Almonds – Naturally Curbing Appetites!!

Almonds found to help regulate appetite, caloric intake(NewsTarget) Daily consumption of almonds may trigger feelings of satiety and help reduce overall calorie intake, according to new research by scientists from Purdue University.
Dieters often find it difficult to regulate their appetite, but a new study recently presented at the North American Association for the Study of Obesity’s annual meeting indicates that almonds may help stop unhealthy snacking by enhancing feelings of fullness between meals.
The study — funded by the Almond Board of California — examined the effects of supplementing the diet with almonds on 20 overweight women. The participants were divided into two groups: The first was given two servings (300 calories) of almonds a day for ten weeks, followed by 10 weeks with no almonds, while the second began with 10 weeks of no almonds, followed by 10 weeks of two daily servings of almonds.
The researchers, led by Richard Mattes, found that when the women were supplementing their diets with almonds, they experienced no changes in energy intake, body weight, body fat or body mass index (BMI).
“We concluded that the women found their daily almond snack to be very filling, and so they naturally compensated in the caloric intake at other times of the day,” Mattes said.
Essentially, because the almonds triggered feelings of fullness, the women consumed fewer calories from unhealthy sources.
The researchers also noted that some of the fat found in almonds is not digested or absorbed by the body after consumption, which leads to lower caloric intake than the number indicated on almonds’ nutrition labels.
The researchers stressed the need for larger, longer trials to prove their findings, as well as additional studies to determine which almond compounds are responsible for satiety.
Consumer demand for almonds has dramatically increased in recent years as the nuts’ health benefits have become more widely known. Last year, U.S. almond exports grew by $600 million, according to U.S. Department of Agriculture statistics.
Natural health advocate Mike Adams, co-author of “Natural Appetite Suppressants for Safe, Effective Weight Loss,” says consumers should remember to only consume raw, unprocessed almonds to receive the nuts’ health benefits. Roasted, salted or sugary almonds do not offer the same dietary advantages, Adams said. printable article Originally published October 25 2006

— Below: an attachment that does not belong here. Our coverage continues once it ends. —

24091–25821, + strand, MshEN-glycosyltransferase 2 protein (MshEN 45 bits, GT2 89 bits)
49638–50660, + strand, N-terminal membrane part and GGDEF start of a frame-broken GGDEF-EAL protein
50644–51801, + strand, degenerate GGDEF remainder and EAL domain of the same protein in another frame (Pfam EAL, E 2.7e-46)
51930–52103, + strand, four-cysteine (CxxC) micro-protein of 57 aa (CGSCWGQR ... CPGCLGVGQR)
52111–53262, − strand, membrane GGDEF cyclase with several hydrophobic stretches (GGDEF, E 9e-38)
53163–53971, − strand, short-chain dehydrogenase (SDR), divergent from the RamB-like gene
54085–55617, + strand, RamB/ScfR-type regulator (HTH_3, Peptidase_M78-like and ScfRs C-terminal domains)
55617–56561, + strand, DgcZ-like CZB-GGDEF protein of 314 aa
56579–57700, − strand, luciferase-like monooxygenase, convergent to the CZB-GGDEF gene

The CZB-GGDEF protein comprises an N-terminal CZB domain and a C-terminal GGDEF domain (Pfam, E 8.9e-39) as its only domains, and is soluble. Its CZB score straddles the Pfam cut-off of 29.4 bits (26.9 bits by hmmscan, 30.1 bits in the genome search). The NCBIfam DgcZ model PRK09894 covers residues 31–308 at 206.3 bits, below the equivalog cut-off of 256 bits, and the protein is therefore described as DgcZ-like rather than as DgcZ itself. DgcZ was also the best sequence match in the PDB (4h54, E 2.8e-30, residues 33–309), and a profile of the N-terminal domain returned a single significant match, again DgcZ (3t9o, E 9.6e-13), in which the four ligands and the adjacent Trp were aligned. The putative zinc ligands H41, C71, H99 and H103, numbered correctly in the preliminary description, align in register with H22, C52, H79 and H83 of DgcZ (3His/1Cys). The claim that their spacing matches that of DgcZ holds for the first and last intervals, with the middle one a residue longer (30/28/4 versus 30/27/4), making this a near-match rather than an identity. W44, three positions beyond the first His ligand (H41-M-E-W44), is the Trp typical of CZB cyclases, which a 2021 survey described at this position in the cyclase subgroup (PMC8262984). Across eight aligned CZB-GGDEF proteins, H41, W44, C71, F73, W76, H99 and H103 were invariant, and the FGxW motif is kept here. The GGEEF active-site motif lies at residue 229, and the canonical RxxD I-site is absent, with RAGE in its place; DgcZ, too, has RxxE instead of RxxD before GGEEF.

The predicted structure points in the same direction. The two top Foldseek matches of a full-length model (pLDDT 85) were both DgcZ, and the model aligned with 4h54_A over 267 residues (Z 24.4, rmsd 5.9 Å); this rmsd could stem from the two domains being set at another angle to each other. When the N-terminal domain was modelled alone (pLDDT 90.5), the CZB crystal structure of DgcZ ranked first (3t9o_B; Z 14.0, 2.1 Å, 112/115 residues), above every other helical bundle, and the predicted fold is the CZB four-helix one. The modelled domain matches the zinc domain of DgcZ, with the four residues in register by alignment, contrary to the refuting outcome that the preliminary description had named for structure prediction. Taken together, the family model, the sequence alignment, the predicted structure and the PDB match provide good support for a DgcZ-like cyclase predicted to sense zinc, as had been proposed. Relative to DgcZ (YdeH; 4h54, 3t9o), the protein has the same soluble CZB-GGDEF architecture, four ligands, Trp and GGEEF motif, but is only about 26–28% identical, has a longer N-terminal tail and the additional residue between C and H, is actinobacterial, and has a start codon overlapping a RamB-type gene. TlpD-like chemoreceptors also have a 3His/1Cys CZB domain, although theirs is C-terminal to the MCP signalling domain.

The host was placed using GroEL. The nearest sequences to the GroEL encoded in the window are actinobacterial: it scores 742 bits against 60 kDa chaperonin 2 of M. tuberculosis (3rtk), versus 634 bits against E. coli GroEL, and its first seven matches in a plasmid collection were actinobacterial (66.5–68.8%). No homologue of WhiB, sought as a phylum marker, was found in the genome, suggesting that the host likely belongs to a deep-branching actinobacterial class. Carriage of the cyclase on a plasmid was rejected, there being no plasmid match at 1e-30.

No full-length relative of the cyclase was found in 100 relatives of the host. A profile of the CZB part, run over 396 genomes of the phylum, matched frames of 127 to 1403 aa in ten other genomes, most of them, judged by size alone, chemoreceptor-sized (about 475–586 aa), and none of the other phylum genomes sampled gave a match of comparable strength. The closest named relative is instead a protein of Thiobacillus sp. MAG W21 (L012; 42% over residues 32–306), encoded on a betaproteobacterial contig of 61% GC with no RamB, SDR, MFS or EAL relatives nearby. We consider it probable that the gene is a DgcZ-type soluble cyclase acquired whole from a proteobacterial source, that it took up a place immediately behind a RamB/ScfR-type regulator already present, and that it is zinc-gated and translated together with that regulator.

Diabetes and the Ghrelin Hormone

The hormone Ghrelin is a peptide which is produced by our stomach, increasing our food intake & body weight. When our stomachs empty it releases a chemical telling us that we are hungry and the hungrier we become the more ghrelin is released until our will power is destroyed and fall prey to the left over pizza in the fridge. Once the stomach receives healthy foods the ghrelin hormone levels decrease.

High levels of ghrelin are a problem for people that are obese or diabetic, and yet there are things that we can do to lower our ghrelin levels.

1) Make healthy food choices by eating a diet higher in fiber, this will send messages to your stomach that is full, decreasing the production ghrelin for a longer period of time.
2) Figure in snacks when planning your day, a handful of walnuts, a V-8, slices of turkey.
3) Sleep! When we get 7-8 hours a night our bodies produce higher levels of leptin which acts as an appetite suppressant. The higher the leptin the less we eat.

Read More…

Diabetes and the Leptin Hormone

Everyone is effected by two hormones in our bodies that regulate our hunger levels, they are Leptin and Ghrelin.

For nearly a decade, we have been hearing that the hormone “Leptin” has a very important role in its fat-burning ability in people. But still unknown is the understanding of how and why the Leptin hormone works.

Brown Medical School and Rhode Island Hospital and at Harvard Medical School and Beth Israel Deaconess Medical Center the research teams have found that leptin activates the production of the active form of a peptide in the small area at the base of our brains, controling hunger and metabolism. Produced by fat cells, our leptin levels tell our brains when our bodies do or don’t need more food.

Read More…

Lack of Sleep Making Our Children Obese

Diabetic sites in the past year have been about one article after another on how the lack of sleep contributes to obesity, but scientists are proving out that lack of sleep as a child, sets the stage long before we reached adulthood.

Two words that keep jumping out of studies like this, are “leptin” and “ghrelin”. Over the next few days I plan to study the effects of both leptin and ghrelin and how they important to our health as diabetics.

In a recent article by Nigel Hawkes, Health Editor of Times Online (UK) covered this subject quite well. “Obesity linked to lack of childhood sleep” (Click here to read)

It does bring back the old saying, “Early to bed, early to rise, makes a man healthy and wise”